Mysql database backup and restore

If you’re storing anything in MySQL databases that you do not want to lose, it is very important to make regular backups of your data to protect it from loss. It is always good to have backup copy of everything. This tutorial will show you easy steps to backup and restore the data in your MySQL database.

Creating A Backup

The mysqldump command is used to create textfile “dumps” of databases managed by MySQL. These dumps are just files with .sql format which are used to restore the database in case of any database loss.

If you want to back up a single database, you can create the dump and send the output into a file by

# mysqldump database_name > database_name.sql

Multiple databases can be backed up at the same time

# mysqldump –databases database_one database_two > two_databases.sql

It is also simple to back up all of the databases on a server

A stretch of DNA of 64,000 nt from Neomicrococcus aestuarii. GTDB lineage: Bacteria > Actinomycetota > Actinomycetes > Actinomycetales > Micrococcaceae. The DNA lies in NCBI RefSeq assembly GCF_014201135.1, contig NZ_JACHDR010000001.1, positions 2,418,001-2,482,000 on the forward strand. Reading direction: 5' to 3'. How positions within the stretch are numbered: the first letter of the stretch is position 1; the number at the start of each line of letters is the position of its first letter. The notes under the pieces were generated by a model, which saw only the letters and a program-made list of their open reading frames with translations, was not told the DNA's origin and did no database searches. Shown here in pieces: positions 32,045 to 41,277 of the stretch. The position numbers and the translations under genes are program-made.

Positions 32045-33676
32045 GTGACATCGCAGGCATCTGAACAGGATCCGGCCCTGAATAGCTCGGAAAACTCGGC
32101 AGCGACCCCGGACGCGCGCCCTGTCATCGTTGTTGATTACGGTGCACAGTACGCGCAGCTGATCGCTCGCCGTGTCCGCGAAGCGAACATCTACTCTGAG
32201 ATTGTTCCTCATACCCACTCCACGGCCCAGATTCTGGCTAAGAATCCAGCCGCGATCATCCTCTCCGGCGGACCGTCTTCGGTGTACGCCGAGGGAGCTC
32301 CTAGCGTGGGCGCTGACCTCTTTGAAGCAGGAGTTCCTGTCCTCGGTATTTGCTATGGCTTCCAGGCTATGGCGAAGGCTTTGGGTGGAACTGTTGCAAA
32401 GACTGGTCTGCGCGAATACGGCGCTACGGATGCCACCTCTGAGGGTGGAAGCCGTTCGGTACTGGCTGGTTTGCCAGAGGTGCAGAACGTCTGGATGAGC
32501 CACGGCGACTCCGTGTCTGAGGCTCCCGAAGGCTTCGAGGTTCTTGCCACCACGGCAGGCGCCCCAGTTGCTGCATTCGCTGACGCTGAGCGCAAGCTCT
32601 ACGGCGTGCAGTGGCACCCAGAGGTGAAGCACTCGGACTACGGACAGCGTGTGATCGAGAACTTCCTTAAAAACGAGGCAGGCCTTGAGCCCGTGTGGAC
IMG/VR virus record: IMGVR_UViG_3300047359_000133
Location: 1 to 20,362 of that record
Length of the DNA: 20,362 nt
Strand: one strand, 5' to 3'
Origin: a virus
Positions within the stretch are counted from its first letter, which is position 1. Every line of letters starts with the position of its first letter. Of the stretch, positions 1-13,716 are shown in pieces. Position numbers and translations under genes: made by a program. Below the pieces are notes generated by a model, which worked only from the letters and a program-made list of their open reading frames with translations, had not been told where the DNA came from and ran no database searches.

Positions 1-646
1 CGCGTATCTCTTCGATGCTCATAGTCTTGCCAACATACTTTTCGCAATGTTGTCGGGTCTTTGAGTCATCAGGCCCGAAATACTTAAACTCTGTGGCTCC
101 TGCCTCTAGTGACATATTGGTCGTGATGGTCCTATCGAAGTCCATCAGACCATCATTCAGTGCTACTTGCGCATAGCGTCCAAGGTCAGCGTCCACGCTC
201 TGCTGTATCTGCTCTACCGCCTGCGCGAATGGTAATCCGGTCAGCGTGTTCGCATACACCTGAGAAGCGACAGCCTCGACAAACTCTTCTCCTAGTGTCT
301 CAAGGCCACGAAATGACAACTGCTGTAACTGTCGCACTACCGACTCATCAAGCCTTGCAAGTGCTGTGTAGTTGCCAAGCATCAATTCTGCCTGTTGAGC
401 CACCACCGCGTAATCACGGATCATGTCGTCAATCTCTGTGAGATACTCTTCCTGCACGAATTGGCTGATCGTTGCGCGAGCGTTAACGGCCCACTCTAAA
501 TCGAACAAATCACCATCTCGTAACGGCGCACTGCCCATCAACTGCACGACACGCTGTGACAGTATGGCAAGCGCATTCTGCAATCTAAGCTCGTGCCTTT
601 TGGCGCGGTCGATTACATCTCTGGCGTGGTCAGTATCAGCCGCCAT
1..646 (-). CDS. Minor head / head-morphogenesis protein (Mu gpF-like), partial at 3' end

# mysqldump –all-databases > all_databases.sql

Restoring a Backup

Since the dump files are just .sql files, you can restore the database backup by

# mysql database_name < database_name.sql

If you are trying to restore a single database from dump of all the databases, you have to let mysql know like this

# mysql –one-database database_name < all_databases.sql

Here is the proper syntax if there is password for mysql for root user.

# mysqldump –opt -u [uname] -p[pass] [dbname] > [backupfile.sql]

[uname] Your database username

[pass] The password for your database (note there is no space between -p and the password)

[dbname] The name of your database

[backupfile.sql] the filename for your database backup

[–opt] The mysqldump option.

For example, to backup a database named ‘database_name’ with the username ‘root’ and with no password to a file database_name.sql ,

# mysqldump -u root -p database_name > database_name.sql

This command will backup the ‘database_name’ database into a file called database_name.sql which will contain all the SQL statements needed to re-create the database.

With mysqldump command you can specify certain tables of your database you want to backup. For example, to back up only “tableone” and “tabletwo” tables from the ‘database_name’ database use the command below. Each table name has to be separated by space.